- Where do emotional triggers come from?
- How to deal with emotional triggers?
- Understanding Emotional Triggers
- 9 Practical Ways to Manage Your Emotional Triggers
- The Being Present technique
As humans, we are wired with emotional hot buttons or emotional triggers. One moment we are fine – then someone says something or something happens to push that hot button, bringing an intense emotional reaction. We become upset. We’re thrown off balance. We are unable to think or act irrationally. Not surprisingly, these reactions may be way out of proportion in relation to the actual event.
The result? Once we calm down, we usually have regrets about what we did or said. We can cause damage to ourselves and to others. The good news is, we can learn to understand and manage our emotional triggers in healthy ways.
Where do emotional triggers come from?
The part of our brain that controls the fight or flight response, the amygdala, also stores our memories related to emotional events. If you are wondering why our response is out of proportion to the triggering event, it is because those stored memories come flooding up.
Emotional triggers are personal and vary from person to person. What triggers you may not have any affect on me because our life histories are different. Let’s look at a common example of triggering.
You’ve done great work. But your boss makes a dismissive comment. Some people might shrug this off but for others, it is a trigger. The response may be to fight – by becoming defensive and arguing or getting angry, or flight – by simply shutting down.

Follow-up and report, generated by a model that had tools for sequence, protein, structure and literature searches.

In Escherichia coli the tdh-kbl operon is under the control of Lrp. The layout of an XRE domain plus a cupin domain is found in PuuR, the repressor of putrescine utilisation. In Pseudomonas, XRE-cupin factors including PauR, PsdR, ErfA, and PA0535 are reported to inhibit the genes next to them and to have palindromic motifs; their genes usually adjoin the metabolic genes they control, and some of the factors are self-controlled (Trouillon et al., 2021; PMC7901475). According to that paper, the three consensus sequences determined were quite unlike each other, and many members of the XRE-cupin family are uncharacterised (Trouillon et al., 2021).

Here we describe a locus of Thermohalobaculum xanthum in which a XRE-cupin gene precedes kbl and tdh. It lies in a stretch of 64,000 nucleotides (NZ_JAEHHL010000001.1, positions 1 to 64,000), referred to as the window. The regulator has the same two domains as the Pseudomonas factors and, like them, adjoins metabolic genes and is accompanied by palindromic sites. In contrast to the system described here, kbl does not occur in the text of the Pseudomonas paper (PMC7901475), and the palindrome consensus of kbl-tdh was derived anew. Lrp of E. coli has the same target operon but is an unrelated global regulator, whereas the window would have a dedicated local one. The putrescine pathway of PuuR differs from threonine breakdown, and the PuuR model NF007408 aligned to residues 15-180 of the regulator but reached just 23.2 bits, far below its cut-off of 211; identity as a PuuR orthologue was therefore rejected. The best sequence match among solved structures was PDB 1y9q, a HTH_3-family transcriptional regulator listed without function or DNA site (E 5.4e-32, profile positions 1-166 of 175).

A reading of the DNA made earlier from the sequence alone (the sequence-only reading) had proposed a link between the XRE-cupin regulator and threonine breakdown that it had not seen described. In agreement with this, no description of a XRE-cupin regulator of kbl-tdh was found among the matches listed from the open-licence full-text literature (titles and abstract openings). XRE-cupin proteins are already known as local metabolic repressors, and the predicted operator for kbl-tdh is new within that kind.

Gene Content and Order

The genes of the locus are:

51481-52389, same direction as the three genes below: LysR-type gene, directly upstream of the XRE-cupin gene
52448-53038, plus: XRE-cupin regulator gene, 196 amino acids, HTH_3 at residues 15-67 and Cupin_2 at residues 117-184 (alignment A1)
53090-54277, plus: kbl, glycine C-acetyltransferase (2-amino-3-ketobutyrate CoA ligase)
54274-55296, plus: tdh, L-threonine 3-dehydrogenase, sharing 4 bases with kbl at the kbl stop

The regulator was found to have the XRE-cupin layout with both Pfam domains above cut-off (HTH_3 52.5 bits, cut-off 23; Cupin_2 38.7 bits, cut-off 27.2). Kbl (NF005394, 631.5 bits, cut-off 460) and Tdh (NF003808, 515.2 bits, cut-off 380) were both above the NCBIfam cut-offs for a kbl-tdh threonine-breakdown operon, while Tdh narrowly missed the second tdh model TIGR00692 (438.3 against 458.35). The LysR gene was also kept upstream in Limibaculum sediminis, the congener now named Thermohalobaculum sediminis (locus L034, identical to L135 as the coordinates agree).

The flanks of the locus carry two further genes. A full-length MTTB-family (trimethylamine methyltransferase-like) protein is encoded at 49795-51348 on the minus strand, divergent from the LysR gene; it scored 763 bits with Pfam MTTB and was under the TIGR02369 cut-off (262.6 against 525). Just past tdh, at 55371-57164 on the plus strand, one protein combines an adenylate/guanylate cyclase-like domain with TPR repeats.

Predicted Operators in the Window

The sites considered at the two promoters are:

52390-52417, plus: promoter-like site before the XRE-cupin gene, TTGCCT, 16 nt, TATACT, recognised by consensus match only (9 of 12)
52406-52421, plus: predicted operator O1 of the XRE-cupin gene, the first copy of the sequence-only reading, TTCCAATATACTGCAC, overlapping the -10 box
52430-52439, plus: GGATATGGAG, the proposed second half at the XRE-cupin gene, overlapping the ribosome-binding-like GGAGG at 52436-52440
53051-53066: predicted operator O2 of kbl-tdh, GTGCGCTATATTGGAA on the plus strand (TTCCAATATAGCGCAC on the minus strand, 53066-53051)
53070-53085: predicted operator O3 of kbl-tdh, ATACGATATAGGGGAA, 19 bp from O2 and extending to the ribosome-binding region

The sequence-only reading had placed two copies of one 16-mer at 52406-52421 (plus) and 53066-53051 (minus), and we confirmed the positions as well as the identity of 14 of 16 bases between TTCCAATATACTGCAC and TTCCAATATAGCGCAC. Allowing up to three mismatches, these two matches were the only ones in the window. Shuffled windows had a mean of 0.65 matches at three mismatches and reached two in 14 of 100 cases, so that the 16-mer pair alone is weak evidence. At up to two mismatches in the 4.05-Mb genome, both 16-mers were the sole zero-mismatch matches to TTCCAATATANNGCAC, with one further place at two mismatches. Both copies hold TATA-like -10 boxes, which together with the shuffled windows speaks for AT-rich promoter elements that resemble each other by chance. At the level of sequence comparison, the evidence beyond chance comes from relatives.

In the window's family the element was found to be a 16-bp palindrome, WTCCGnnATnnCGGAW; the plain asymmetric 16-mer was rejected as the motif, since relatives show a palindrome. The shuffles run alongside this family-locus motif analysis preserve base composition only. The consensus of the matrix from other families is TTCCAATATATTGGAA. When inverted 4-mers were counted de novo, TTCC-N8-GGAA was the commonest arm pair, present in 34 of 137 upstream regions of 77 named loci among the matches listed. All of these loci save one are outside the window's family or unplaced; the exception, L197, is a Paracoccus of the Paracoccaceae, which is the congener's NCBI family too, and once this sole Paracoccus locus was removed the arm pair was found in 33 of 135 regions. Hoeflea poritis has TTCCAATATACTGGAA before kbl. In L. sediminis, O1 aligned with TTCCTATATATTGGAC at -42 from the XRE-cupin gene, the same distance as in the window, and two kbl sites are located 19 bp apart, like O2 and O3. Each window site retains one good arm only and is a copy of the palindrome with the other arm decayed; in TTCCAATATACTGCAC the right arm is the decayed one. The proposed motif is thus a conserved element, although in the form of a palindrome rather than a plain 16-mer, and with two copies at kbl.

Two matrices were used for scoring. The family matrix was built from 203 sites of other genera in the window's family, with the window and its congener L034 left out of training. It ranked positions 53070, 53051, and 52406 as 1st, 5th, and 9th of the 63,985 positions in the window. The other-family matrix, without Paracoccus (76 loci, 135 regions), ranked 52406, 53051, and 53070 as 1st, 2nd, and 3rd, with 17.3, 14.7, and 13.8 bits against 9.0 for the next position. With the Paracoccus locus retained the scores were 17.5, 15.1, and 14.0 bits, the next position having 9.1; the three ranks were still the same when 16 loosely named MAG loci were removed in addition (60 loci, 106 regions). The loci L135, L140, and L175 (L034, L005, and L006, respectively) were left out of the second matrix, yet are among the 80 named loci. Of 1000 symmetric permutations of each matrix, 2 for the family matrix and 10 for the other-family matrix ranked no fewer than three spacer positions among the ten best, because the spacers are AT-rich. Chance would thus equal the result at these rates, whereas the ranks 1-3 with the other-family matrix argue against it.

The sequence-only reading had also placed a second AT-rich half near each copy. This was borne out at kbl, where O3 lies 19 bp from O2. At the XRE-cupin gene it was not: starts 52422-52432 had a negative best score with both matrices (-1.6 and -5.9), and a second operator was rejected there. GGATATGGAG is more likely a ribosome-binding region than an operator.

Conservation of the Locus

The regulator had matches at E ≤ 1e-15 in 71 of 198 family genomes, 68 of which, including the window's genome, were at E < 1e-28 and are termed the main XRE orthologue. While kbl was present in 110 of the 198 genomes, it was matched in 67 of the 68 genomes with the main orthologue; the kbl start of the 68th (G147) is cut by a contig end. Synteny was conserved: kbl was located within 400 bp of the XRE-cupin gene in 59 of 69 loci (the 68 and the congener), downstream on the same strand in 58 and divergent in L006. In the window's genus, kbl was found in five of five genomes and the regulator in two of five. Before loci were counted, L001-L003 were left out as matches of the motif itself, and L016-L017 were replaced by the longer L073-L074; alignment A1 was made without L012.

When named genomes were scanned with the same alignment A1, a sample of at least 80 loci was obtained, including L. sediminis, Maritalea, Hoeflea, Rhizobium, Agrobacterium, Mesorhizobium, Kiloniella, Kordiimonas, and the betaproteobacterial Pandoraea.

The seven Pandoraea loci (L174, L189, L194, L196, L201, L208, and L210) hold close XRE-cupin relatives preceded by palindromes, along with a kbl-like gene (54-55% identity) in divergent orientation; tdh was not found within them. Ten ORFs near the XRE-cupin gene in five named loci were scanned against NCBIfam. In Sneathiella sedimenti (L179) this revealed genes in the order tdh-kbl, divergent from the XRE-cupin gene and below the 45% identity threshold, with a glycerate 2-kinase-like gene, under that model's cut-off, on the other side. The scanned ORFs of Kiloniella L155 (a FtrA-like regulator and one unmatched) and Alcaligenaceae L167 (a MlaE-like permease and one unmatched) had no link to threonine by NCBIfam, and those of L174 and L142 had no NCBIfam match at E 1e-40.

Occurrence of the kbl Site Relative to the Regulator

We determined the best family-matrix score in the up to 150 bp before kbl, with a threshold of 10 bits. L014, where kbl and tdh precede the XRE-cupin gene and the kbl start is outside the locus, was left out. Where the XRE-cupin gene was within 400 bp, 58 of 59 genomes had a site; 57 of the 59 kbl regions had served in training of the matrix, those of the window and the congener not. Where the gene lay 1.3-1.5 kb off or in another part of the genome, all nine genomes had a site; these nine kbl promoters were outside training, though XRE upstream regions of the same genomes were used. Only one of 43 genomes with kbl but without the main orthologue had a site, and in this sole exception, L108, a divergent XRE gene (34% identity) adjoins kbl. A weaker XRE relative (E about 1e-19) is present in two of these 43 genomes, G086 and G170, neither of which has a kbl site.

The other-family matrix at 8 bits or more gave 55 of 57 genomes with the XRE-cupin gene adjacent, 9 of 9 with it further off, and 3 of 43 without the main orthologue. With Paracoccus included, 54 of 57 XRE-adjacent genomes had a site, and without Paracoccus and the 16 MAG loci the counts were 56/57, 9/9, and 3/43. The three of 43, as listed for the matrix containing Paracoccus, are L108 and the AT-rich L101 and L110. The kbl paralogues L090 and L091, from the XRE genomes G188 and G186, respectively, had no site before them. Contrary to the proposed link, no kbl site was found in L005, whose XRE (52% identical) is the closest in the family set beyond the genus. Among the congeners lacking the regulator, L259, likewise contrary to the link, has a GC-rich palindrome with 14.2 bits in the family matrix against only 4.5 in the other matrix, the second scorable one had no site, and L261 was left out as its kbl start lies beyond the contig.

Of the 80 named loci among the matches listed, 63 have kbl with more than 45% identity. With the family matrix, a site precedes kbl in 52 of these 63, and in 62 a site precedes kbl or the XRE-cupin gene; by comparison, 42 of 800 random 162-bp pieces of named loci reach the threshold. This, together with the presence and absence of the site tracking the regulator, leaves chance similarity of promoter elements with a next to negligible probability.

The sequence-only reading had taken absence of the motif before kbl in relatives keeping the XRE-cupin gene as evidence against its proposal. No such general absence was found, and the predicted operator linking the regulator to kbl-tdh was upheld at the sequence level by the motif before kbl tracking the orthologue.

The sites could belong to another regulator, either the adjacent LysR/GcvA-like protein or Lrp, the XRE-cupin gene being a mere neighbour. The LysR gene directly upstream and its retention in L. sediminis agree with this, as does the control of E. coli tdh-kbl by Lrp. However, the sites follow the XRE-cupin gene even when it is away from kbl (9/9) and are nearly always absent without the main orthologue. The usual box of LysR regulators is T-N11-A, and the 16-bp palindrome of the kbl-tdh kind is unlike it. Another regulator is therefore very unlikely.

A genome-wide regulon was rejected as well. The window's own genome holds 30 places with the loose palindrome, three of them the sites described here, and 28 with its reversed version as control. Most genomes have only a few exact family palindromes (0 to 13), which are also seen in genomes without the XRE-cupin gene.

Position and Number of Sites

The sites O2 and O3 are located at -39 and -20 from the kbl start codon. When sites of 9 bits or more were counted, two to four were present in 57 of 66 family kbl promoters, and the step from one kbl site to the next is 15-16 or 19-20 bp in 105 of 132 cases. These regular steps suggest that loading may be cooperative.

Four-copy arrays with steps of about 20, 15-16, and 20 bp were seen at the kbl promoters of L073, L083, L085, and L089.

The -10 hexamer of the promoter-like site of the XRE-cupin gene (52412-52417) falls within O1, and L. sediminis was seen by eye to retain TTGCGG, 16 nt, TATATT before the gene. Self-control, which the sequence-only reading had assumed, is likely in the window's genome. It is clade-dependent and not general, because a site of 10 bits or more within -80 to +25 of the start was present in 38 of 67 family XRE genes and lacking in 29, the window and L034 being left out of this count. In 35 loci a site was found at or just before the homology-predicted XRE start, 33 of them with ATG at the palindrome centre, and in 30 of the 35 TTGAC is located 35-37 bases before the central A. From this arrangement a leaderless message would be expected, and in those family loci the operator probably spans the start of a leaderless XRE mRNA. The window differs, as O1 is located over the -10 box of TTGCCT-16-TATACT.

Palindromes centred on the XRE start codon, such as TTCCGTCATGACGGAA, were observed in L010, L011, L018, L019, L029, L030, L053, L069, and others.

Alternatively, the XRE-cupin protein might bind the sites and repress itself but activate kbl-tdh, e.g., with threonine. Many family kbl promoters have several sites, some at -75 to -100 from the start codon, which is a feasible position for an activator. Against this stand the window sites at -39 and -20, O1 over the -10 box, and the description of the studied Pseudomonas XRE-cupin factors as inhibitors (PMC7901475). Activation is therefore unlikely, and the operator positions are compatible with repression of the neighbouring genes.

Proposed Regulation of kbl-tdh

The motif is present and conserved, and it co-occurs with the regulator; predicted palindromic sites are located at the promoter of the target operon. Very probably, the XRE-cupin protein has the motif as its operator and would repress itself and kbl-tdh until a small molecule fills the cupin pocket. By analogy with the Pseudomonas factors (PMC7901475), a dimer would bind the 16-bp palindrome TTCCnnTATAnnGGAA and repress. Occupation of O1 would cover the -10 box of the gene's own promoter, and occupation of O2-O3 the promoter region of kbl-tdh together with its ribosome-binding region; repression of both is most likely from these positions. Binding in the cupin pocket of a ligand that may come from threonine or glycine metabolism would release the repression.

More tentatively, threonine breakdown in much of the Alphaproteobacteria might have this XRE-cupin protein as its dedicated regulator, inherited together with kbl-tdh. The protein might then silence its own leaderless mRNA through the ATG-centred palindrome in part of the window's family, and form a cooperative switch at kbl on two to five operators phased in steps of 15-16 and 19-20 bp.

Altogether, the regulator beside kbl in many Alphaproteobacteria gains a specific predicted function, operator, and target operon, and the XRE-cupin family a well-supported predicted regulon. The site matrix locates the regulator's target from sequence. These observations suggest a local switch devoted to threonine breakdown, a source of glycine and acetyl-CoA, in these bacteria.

Our intense reaction is not just about the boss and that comment. It is about similar past experiences, perhaps through childhood when parents expressed their disappointment in our grades or being made to feel not good enough in their eyes. And thus, the person and their remark is a source of danger.
The real threat is what we carry inside of us because our triggers bring forth powerful sequences of emotions and memories that we can trace back to our childhood. Or they may have originated in the trauma of growing up when we did not feel valued by a parent, or felt isolated in school or were affected by an emotionally absent parent or guardian.
The hurt and shock during the growing years creates a sort of template that is layered by other hurts. Ultimately a core wound is formed. This is so sensitive and painful that we make it our life goal to avoid feeling it. When this wound is nudged, the amygdala interprets the trigger as a life and death situation and initiates the fight or flight response.
If you are lucky enough to not carry a core wound, emotional triggers are insignificant. For example,
- When a person does not say thank you.
- When someone interrupts when we’re speaking.
- When someone does not get back to us.
- When a roommate is messy.
- When our partner will be late and does not call.